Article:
Noncommunicable diseases (NCDs) have been increasing at an alarming rate in India in the last few decades, overtaking infectious diseases as India’s most common causes of death. Now, some speculate that NCDs coupled with long-COVID could open up a Pandora’s box in the country.
Government data shows that the proportion of deaths due to NCDs has increased from 37.9 percent in 1990 to 61.8 percent in 2016. Heart disease has emerged as the frontrunner as the causative factor in these NCD deaths, taking up a startling proportion of India’s overall deaths.
As previously reported by Health Issues India “there has been a startling rise in heart disease cases over the last few decades. Over the last 25 years, India has seen a fifty percent rise in heart disease cases according to doctors at the Meenakshi Mission Hospital and Research Centre. In 2016, heart disease accounted for 28.1 percent of all deaths in the country. It is India’s most common cause of death by a significant margin, yet, despite this grim reality, it is still viewed by many as a disease that is only common among the elderly. This is a misconception, and one that may be placing countless lives at risk.”
While many NCDs, including heart disease, cancer, and diabetes were formerly viewed as being afflictions of the elderly, it is becoming increasingly more apparent that even young people are at risk. According to IndiaToday, “the leading reasons for heart disease among young people in India are stress, smoking, a family history of cholesterol imbalances, undetected diabetes and obesity. There’s a shift in the profile of Indian cardiac patients; compared to twenty years ago, younger people are now developing heart disease.”
Shifts in lifestyle habits have played a major role in increasing the prevalence of NCDs. Many factors such as a lack of physical exercise and poor diets are major risks to developing NCDs. Many individuals shifting from a mostly vegetarian diet traditional to Indian cuisine, to a more Western-style diet with large amounts of processed foods high in saturated fat and sugar content may be a major contributing factor to the rise in NCDs.
Just a few short decades ago most individuals worked manual jobs that led to a high degree of physical activity. This has rapidly changed with the industrialisation of the country, with many now shifting to office based working that has created a situation where many lead sedentary lifestyles. Following the onset of the COVID-19 pandemic the rise in individuals working from home has allowed the potential for some to go days without ever leaving their house.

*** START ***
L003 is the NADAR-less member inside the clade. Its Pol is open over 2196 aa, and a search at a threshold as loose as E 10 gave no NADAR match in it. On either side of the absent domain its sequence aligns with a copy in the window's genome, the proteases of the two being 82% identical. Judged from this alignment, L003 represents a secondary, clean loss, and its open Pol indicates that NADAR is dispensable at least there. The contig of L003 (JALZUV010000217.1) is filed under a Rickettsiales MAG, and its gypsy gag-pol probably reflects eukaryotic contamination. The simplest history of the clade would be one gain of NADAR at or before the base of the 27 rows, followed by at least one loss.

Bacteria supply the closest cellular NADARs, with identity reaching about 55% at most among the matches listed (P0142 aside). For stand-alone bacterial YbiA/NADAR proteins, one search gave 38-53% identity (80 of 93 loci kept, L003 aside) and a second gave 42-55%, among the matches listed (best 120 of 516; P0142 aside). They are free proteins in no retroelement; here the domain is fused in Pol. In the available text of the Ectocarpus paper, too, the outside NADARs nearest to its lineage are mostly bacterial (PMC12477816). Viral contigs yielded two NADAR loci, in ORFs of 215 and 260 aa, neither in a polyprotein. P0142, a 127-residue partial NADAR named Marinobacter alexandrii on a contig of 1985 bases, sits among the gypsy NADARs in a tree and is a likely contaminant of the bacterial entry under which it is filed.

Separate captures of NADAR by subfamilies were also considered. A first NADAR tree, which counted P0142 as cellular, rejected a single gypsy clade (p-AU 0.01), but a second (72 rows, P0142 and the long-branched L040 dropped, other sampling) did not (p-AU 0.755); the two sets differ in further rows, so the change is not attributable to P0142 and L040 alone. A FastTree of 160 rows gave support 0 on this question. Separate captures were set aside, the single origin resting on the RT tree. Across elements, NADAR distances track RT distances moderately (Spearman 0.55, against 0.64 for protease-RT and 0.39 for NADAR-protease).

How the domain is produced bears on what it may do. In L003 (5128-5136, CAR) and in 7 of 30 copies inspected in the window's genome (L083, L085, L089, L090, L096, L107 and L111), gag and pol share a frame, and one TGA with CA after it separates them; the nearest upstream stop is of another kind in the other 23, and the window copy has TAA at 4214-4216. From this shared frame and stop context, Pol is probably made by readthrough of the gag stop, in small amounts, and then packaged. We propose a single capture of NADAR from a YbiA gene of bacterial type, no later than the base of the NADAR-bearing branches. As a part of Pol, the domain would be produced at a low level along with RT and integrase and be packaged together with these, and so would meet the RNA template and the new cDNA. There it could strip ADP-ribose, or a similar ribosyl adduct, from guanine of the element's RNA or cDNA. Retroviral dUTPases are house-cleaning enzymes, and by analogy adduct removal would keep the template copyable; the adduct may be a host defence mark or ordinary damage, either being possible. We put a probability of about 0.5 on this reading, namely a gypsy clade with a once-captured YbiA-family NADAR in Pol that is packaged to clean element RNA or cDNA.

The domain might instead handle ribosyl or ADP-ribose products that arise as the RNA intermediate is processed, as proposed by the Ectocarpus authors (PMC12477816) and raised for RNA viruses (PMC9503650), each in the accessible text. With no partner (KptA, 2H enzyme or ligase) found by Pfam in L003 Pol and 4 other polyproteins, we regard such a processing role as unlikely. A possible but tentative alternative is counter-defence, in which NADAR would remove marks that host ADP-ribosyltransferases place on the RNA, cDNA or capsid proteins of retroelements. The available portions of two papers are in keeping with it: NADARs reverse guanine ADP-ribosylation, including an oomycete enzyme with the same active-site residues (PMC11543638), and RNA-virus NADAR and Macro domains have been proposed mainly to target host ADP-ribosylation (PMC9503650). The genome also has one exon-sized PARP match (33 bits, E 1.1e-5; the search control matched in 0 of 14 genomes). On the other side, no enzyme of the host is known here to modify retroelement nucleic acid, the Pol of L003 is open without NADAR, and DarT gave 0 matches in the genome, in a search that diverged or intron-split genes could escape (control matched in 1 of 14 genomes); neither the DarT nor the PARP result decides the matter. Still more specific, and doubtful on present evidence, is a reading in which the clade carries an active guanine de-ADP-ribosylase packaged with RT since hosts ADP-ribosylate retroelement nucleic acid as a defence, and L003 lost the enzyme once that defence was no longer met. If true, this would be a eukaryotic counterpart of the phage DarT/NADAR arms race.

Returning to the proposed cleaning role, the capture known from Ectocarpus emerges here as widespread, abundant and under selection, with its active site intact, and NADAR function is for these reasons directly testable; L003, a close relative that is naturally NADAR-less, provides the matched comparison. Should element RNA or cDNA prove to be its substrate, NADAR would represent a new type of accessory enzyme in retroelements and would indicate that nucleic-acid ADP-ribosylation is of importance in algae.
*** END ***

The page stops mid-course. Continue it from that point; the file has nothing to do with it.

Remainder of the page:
Another aspect of the COVID-19 pandemic – that of long-COVID – has some worried of a further exacerbation of the NCD crisis due to comorbidity. As reported last year by The Economic Times, “doctors are dealing with [a] rising number of long-COVID patients with symptoms like persistent body ache, low grade fever, lung fibrosis, pulmonary embolism and brain fogging in the outpatient departments (OPD) of hospitals. Many have mental health issues including anxiety, depression, confusion and loss of memory, new onset of diabetes and hypertension.”
Many of the symptoms, such as body ache and chronic lung issues overlap with that of many NCDs. More worrying still is the issue that long-COVID has reportedly caused issues such as diabetes and hypertension. It is speculated that lasting damage relating to scarring of the lungs during the initial COVID-19 infection could result in a chronic decrease in lung capacity. This is of particular concern as it may elevate the risks of lung conditions such as emphysema, lung cancer, or asthma.
Long-COVID has been reported across a wide range of individuals ranging from those with pre-existing NCDs and comorbidities, to young, healthy individuals whose lives are transformed as a result of the issue.
The issue serves to underline India’s current dual burden of both infectious disease and NCDs. While many infectious diseases have decreased in prevalence in recent years, they are by no means gone. With the rise of NCDs in the country, along with India’s ageing population – another prominent risk factor for NCDs – the situation is unlikely to be easily resolved. There is an ever-present risk that long-COVID severely inflates this figure, and, in turn, the health system will be overwhelmed. Preparations must be made to ensure hospital capacity accounts for such an event.